And They’re Off
I have been a fan of multiplayer car-battle games since the original Super Mario Kart on Super Nintendo. Simultaneously chasing and being chased by friends with weapons of vehicular mass destruction has always been a blast. Drive Buy by developer Glitchers has a great base to build a four-player car-battle game out of, but seems a little underdone in its current iteration.
Modes of Transportation
Drive Buy is an always-online “delivery combat” multiplayer game that currently has 3 modes and 2 maps to choose from:
Delivery Battle – a mode where drivers deliver packages to earn credits while using power-ups to steal credits from each other.
Piggy Bank – One driver earns credits by carrying the piggy bank around the map while all others try to steal the bank for themselves. The winner is the driver with the most credits when the timer goes out or the first driver to 1,000 credits.
Pay Day – My personal favorite. The map is littered with coins at the start and drivers race to pick up as many as they can. Once all of the coins have been collected, players attack each other with power-ups to see who can finish the event with the most coins.
All 3 modes are 5 minute long matches, which keeps up a frantic pace. Every match seems to come down to the last ten seconds of chaos, with the winning driver being the one to get a last second hit in before the clock hits zero.
While there are 2 different maps to choose from, they are almost indistinguishable from each other.
While players have a handful of weapons at their disposal, there is not a ton of variety. Rockets, land mines, and freeze rays are the most notable selections to be found. Weapons are picked up by running over question marks on the field, with the bounty being randomized.
But How Does She Handle?
Drive Buy’s controls are very straight forward: there are buttons for gas, boosting, brake/reverse, drifting, and launching your weapons. In the beginning, I was not impressed with the floaty controls, but they grew on me the longer I played. It is satisfying to boost past an opponent, see them fire a rocket at you and escape the pending explosion by drifting around a corner.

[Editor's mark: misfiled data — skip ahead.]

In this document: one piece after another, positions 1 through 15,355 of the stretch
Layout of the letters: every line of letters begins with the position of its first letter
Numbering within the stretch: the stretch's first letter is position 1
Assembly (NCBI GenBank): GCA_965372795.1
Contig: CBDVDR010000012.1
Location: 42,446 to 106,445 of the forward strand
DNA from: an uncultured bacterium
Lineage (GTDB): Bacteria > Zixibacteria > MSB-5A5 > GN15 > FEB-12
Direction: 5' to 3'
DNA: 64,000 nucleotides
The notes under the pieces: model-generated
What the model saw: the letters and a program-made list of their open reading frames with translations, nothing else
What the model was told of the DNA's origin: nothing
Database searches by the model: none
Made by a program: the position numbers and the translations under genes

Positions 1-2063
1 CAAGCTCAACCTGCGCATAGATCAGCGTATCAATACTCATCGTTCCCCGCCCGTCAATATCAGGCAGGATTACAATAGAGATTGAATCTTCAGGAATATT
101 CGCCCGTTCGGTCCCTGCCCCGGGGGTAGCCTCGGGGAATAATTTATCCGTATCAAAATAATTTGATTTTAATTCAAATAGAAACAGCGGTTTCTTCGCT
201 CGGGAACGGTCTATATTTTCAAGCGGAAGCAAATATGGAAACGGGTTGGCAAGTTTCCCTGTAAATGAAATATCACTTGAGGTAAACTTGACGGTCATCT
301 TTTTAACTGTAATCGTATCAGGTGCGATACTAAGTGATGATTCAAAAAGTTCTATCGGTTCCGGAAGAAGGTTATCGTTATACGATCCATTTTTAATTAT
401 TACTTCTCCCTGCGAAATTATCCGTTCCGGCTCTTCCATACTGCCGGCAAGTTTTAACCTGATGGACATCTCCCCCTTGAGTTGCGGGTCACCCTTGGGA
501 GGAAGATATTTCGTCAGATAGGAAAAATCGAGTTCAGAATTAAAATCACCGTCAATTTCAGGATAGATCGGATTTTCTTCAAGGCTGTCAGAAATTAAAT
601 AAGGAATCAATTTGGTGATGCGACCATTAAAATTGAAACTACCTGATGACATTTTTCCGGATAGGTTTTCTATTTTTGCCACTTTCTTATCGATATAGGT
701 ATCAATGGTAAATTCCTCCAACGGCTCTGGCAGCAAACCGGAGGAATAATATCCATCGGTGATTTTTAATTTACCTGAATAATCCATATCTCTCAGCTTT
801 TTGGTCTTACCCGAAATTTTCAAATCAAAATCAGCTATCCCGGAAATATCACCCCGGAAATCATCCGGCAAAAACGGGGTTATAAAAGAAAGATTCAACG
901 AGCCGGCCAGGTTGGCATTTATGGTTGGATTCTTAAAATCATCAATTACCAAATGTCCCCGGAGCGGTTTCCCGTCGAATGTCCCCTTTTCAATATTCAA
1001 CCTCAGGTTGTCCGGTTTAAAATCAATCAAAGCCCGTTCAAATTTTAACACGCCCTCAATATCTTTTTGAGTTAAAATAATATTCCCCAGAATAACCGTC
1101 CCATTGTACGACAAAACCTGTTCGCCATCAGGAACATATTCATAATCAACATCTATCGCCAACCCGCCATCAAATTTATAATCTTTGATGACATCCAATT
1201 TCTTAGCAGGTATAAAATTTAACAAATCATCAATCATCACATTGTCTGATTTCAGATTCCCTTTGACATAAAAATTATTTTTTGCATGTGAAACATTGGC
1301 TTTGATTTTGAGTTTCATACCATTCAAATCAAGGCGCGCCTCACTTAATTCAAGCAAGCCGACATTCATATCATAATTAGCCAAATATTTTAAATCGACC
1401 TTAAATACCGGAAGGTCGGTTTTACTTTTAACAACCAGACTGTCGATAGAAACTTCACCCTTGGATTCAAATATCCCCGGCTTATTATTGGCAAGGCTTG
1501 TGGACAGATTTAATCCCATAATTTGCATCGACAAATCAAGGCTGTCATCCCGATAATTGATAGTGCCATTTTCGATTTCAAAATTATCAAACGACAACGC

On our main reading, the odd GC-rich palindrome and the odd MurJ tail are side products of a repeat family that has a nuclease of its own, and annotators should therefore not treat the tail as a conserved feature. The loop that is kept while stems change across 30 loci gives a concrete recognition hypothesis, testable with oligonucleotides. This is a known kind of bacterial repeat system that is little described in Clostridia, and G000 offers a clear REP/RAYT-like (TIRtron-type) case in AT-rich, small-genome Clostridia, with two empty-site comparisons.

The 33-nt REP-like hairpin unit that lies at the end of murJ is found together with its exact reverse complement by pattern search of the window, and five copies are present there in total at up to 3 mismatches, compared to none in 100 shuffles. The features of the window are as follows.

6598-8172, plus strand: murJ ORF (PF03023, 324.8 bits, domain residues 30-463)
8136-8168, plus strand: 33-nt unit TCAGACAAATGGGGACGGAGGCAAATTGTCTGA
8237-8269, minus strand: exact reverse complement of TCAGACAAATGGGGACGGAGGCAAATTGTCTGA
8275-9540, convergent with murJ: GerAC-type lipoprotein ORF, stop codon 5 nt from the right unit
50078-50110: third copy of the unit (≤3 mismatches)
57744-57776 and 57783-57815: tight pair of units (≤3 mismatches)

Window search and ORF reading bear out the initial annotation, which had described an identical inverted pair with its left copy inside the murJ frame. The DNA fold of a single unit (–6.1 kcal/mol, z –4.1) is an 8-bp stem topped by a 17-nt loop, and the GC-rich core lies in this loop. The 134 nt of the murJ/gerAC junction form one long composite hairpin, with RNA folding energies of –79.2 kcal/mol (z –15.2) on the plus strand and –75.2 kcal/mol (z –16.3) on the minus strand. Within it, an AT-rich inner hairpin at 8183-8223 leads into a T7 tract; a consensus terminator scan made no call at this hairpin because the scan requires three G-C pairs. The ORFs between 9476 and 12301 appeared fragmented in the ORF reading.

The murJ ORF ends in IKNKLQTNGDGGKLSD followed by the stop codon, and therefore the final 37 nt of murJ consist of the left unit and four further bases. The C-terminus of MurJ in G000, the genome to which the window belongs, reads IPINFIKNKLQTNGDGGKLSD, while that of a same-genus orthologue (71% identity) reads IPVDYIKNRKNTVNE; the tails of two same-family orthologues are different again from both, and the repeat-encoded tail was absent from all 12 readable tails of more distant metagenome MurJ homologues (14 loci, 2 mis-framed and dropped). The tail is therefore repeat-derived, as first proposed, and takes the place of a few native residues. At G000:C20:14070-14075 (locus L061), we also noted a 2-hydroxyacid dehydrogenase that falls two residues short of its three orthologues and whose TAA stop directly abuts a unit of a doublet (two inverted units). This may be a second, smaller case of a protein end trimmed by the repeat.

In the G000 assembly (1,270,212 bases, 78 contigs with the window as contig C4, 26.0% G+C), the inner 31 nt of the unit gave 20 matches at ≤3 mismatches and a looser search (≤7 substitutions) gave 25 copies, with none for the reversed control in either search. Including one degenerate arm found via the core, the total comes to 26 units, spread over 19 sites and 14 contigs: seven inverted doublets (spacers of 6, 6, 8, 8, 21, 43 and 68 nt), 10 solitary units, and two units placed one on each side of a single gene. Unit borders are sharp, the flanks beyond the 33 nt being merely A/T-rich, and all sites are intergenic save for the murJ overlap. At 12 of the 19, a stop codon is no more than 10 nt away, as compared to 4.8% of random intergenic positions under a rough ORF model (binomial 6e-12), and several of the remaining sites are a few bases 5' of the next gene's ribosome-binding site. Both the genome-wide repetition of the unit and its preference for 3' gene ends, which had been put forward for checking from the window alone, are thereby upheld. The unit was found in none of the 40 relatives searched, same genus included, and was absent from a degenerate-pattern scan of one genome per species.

If you are expecting the responsiveness of Mario Kart, you will absolutely be disappointed. Looked at through its own lens though, the floatiness fits the gameplay well.
During my time with the game on Nintendo Switch, I had more than a few instances of a serious frame rate drop when the action got hectic. I experienced this in both an online match and during an offline training session, meaning it wasn’t due to the internet connection.
This Bad Boy Can Fit So Much Customization
Customization is the name of the game in Drive Buy. You will instantly be familiar with the system if you have played Rocket League, Fall Guys, or FortNite. Players are able to customize the skins on their vehicles, emotes, wheels, smoke trails, and badges.
These rewards can either be earned from the rewards you receive by leveling up your season pass or by using the game’s in-game currency to purchase that day’s limited items. The currency is earned by completing challenges or through leveling up. There is currently no way to purchase credits and can only be earned by playing. The cosmetics also provide no competitive advantage – they only show off how unique you are.
Take It For A Spin
In its current form, Drive Buy feels like an early access game. That being said, for the price, this game deserves a go at your next multiplayer night.